Second weekend of the month Lock 5 (Woodham)
11/12 Spr, 9/10 May, 13/14 June
The off-side chamber wall is now completely down, and the scene is set for its reconstruction. For further details of this amazing transformation scene, contact PABLO HAWORTH on Byfleet 42081.

Third Weekend of the month Lock 1 (Woodham)
18/19 Apr, 16/17 May, 20/21 June
Recent activity has mainly centred on demolishing of chamber walls, ready for their rebuilding. The erection of scaffolding is now complete, in readiness for the next stage of the job. For further details of this working party, which operates under the auspices of the Guildford Branch of the IWA, you should contact DICK HARPER-WHITE on Weybridge 42074 or ROY DAVENPORT on 01-979-7075.

Every Other Weekend St. Johns Flight
5 Apr - Bankside Clearance, 3rd May, 16/17 May, 31 May, 13/14 June - Lock 11. The nearside upper and lower wingwalls of Lock 11 have been removed, and investigation of the main chamber walls is proceeding, to determine their true condition. Prep­arations are in hand in readiness for a contractor to move in to install the bywash channel. Some more work has also been done on the towpath, which you should now be able to walk over. Note that there will be no working party at the Easter weekend. For further details you should contact KEN HALLS on Woking 23981 or PETER REDWAY on Woking 21710.

Various Weekends Lock Gate Assembly
The Society is having a number of sets of parts for top gates of locks prepared under contract. The plan is for each set, when delivered, to be assembled by volunteers, and one set has already been assembled, and is installed at Lock 15. More volunteers are needed to help assemble further gates. The task involves work during two successive weekends whenever a set of gate parts is delivered. If you are interested in helping on this job, you should contact FRANK JONES on Deepcut 5711 (canal workshop or Camberley 28367 (home).

Various Weekends Broad Oak, and Wilderness Weir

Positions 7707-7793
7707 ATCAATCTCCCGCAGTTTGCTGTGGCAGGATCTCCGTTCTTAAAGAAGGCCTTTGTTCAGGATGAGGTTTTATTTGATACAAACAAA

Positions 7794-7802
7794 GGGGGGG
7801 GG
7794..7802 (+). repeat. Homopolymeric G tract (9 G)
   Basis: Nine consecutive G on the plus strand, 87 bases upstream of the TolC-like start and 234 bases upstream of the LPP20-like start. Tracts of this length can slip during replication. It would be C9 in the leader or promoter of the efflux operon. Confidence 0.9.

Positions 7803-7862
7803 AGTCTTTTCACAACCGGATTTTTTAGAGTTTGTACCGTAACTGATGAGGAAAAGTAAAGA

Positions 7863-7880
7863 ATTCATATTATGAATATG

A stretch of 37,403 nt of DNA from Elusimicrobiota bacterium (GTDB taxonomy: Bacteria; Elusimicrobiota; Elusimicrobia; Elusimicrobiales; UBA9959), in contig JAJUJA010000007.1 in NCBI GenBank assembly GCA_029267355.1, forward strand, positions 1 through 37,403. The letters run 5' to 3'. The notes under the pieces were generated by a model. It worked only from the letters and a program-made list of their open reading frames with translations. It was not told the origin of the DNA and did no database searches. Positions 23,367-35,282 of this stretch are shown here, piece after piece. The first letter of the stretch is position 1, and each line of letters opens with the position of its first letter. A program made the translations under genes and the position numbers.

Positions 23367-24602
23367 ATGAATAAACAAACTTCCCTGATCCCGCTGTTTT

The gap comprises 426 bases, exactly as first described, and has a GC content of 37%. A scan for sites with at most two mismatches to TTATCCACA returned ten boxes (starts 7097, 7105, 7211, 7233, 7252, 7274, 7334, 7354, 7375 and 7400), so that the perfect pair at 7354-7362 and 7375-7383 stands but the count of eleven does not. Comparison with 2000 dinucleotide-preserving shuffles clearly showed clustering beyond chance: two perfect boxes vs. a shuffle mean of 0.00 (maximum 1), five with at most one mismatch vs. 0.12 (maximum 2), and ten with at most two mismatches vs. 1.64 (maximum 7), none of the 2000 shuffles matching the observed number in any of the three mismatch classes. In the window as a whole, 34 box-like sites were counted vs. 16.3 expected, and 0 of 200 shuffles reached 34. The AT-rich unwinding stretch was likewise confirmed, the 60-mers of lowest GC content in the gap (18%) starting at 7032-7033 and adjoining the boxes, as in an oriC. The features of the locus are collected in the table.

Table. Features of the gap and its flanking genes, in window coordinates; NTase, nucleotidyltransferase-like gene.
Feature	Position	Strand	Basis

There is still a bit of clearing up to be done at Broad Oak at the site of the recent works, and then some pointing of brickwork will remain. After that there is the small matter of finishing Lower Wilderness Weir. For further details on both these projects you should contact PETER MAINE on Camberley 24701.

Bankside Work in Hampshire
This party have recently been assisting at Broad Oak, but are now going into their usual summer recess. Watch this space later in the year for details of their re­start in the autumn.
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In May 1979 the Basingstoke Scout District split into two having grown too large for efficient management. The new Basingstoke East District held a competition among the Scouts for the design of a new badge to be worn by all Scouts in the district.

The winning design, by Timothy Wright, a member of the Air Scout Troop, shows a canal working boat with a typical hump-backed bridge in the background. The eastern extent of the Basingstoke East District is the parish of Mapledurwell and Up Nately which includes the western end of the Greywell tunnel.
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Liz and I gave up a Kensington cocktail party to join our club-mates 'puddling clay' on the Ash Embankment of the Basingstoke Canal on Sunday 7th December, 1980. We had no idea how clay was 'puddled', but it had a delightfully old fashioned ring about it. The first problem was finding the place we were meant to meet. After driving in circles round a series of Army Barracks we eventually stopped a milk-float. The milkman said one of his customers was a canal building man. He turned his milk-float round and guided us to the house, whose occupant recognised us from last April's Westel Canoe Time Trial. Everyone else had also got lost, including a minibus full of volunteers from the Wimbledon Young Mariners.